Their hunger is both literal and figurative. These vampires are empty, out of blood, but also seemingly out of inspiration. Adam has been forced to abandon his collection of instruments, and with them, perhaps, the new music he had sought to create. In a fantastic final sequence, Eve takes Adam to see a strange and stunning performance in an open cafe—a singer who carries a wistful song over the dissonant strains of electric guitar. The music is simultaneously ancient and original, and we see that it nourishes Adam’s muse anew. Creation arises from curation, from the synthesis of preexisting elements.
But art is not enough. Our demigods require blood. It’s only in the final moments of Only Lovers Left Alive that Jarmusch’s vampires fully act on their predatory nature. The two, starving, advance on a youthful man and woman—a boy and girl, really, who are so deeply entangled in passionate kissing that they are oblivious of their leering spectators. Knowing that they must eat or die, Adam and Eve agree to consume the young lovers. Crucially though, in the final lines of the film, our vampires clarify—to each other, of course, but also the audience—that they are not going to kill the young couple, but rather turn them into vampires. They are going to create.
Jarmusch suspends the horror of the cost of that creation, distilling it into one terrifying final image. The shot is brief but powerful, and if it doesn’t exactly counterbalance the previous two hours of gloomy aesthetic pleasure, it nevertheless acknowledges that human blood underwrites Adam and Eve’s existence. It’s in this moment that our lovers seem most authentic.
Only Lovers Left Alive offers a fascinating critique of authenticity, one that might be easy to misread in its apparent moments of hero-worship, where the image of the artist—the reflection—can be misconstrued for the art. Marlowe is a crucial key here, I think. The real author of eternal Hamlet, he’s forsaken historical place—and fame, which the film argues destroys art—in order to get the plays out there: To create. Marlowe and Adam, tellingly, must still constrain very human egos though in order to get the work out there. They must love their art more than they love the recognition—a kind of false love—that might come from it. Eve, super-librarian, has the power to authenticate, and even if she loves and cherishes her books and other objects, her deep, personal knowledge of history tells her that loss is balanced by growth, fire with bloom. When Adam laments the loss of his instruments, she tenderly reminds him that the world is full of beautiful instruments.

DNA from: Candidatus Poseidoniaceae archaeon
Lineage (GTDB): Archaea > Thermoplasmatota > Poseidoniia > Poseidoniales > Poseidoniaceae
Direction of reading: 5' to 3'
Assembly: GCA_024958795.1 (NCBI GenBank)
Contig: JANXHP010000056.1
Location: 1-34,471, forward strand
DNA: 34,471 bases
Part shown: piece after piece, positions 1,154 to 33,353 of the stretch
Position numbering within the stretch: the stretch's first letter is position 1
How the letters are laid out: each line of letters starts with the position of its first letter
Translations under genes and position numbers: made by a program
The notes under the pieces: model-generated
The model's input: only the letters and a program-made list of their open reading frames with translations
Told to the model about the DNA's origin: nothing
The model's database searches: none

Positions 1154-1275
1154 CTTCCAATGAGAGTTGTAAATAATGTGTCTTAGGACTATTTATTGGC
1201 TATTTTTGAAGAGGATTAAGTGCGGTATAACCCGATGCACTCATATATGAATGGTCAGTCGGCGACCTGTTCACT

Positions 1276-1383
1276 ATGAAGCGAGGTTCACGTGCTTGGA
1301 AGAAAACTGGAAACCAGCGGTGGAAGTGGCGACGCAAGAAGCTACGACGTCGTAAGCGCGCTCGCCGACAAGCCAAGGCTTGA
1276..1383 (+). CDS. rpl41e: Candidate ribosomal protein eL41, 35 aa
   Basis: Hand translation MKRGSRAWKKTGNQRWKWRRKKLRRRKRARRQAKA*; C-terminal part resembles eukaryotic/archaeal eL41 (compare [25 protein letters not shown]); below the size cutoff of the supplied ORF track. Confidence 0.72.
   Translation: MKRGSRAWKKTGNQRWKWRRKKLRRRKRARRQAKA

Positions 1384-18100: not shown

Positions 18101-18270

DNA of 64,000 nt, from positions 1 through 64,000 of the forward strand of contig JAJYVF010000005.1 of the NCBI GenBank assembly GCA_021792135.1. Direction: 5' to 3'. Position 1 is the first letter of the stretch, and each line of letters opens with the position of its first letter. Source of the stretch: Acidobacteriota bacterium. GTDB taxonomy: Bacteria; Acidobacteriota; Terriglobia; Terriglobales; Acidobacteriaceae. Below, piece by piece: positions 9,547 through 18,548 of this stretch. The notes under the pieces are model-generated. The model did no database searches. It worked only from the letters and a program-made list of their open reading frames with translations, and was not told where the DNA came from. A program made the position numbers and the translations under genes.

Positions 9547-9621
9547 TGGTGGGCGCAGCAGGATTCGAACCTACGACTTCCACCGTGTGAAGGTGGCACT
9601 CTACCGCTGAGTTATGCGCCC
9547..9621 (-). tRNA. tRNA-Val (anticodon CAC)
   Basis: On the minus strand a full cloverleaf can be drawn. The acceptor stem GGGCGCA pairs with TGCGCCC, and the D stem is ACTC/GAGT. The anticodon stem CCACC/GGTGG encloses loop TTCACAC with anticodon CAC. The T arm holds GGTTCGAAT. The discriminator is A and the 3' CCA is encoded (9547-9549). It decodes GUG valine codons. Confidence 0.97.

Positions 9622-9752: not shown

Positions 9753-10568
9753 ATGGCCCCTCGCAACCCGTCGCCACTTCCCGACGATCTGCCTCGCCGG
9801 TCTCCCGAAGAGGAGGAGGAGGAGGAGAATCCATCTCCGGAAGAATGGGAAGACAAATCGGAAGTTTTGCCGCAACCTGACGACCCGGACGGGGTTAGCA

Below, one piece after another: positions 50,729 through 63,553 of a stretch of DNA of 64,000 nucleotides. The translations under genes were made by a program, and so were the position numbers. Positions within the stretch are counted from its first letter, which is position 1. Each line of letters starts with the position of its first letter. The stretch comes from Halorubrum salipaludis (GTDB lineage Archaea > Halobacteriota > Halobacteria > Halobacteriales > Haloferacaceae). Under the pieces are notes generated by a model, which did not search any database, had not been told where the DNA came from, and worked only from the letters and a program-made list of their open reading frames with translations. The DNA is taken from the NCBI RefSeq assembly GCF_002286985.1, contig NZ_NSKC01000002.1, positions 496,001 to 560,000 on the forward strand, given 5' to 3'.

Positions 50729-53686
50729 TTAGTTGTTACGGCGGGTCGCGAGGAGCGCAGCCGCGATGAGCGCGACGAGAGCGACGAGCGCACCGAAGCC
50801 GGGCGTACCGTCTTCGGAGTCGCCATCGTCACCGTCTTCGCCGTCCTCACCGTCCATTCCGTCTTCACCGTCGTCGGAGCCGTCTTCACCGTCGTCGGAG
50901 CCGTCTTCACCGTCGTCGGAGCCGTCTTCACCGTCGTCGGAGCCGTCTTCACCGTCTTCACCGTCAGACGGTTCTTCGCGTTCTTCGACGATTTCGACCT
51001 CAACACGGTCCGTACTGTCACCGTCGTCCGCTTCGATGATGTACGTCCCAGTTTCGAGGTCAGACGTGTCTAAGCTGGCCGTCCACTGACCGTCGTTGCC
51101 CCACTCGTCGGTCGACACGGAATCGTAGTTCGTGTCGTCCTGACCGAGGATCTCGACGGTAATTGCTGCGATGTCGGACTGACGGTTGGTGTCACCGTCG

It might be tempting to find in Only Lovers Left Alive an attack on the age of the amateur, on the ease of access, via technology, to Everything Ever Made. In The New York Times, A.O. Scott sniffed at what he called a “defensive, even reactionary undercurrent” to the film.
But Only Lovers is not Jim Jarmusch telling those damn kids to get off his lawn, nor is it the rantings of a snob. A more compelling take is offered at The Pinocchio Effect, where, commenting on the whiteness of Only Lovers, the author suggests:
…the film becomes an allegory of the dead end of white Euro-American culture, which can only live so long upon its no-longer-active cultural heritage of Elizabethan poetry and vinyl 45s.
Eve buys Adam an oud. Will his new music be a form of vampirism, sucking life-spirit from Moroccan culture? It’s worth noting here that the guitarist in the cafe who reinvigorates Adam plays a Fender guitar. Perhaps Jarmusch offers a gesture toward cross-cultural synthesis. Maybe we could even entertain the idea that our vampires are “sharing” immortality with the Moroccan couple they attack. But that seems like a huge maybe.
Ultimately, Only Lovers Left Alive stands on its own aesthetic merits. It couples an awareness of its own blind spots with a deep faith in its creation/curation of beauty. Highly recommended.
[Editorial note: Biblioklept ran a version of this review in the summer of 2014 when Only Lovers Left Alive came out in U.S. wide release. We run it again in the spirit of Halloween…although it’s not really a horror film. But, uh, y’know, vampires].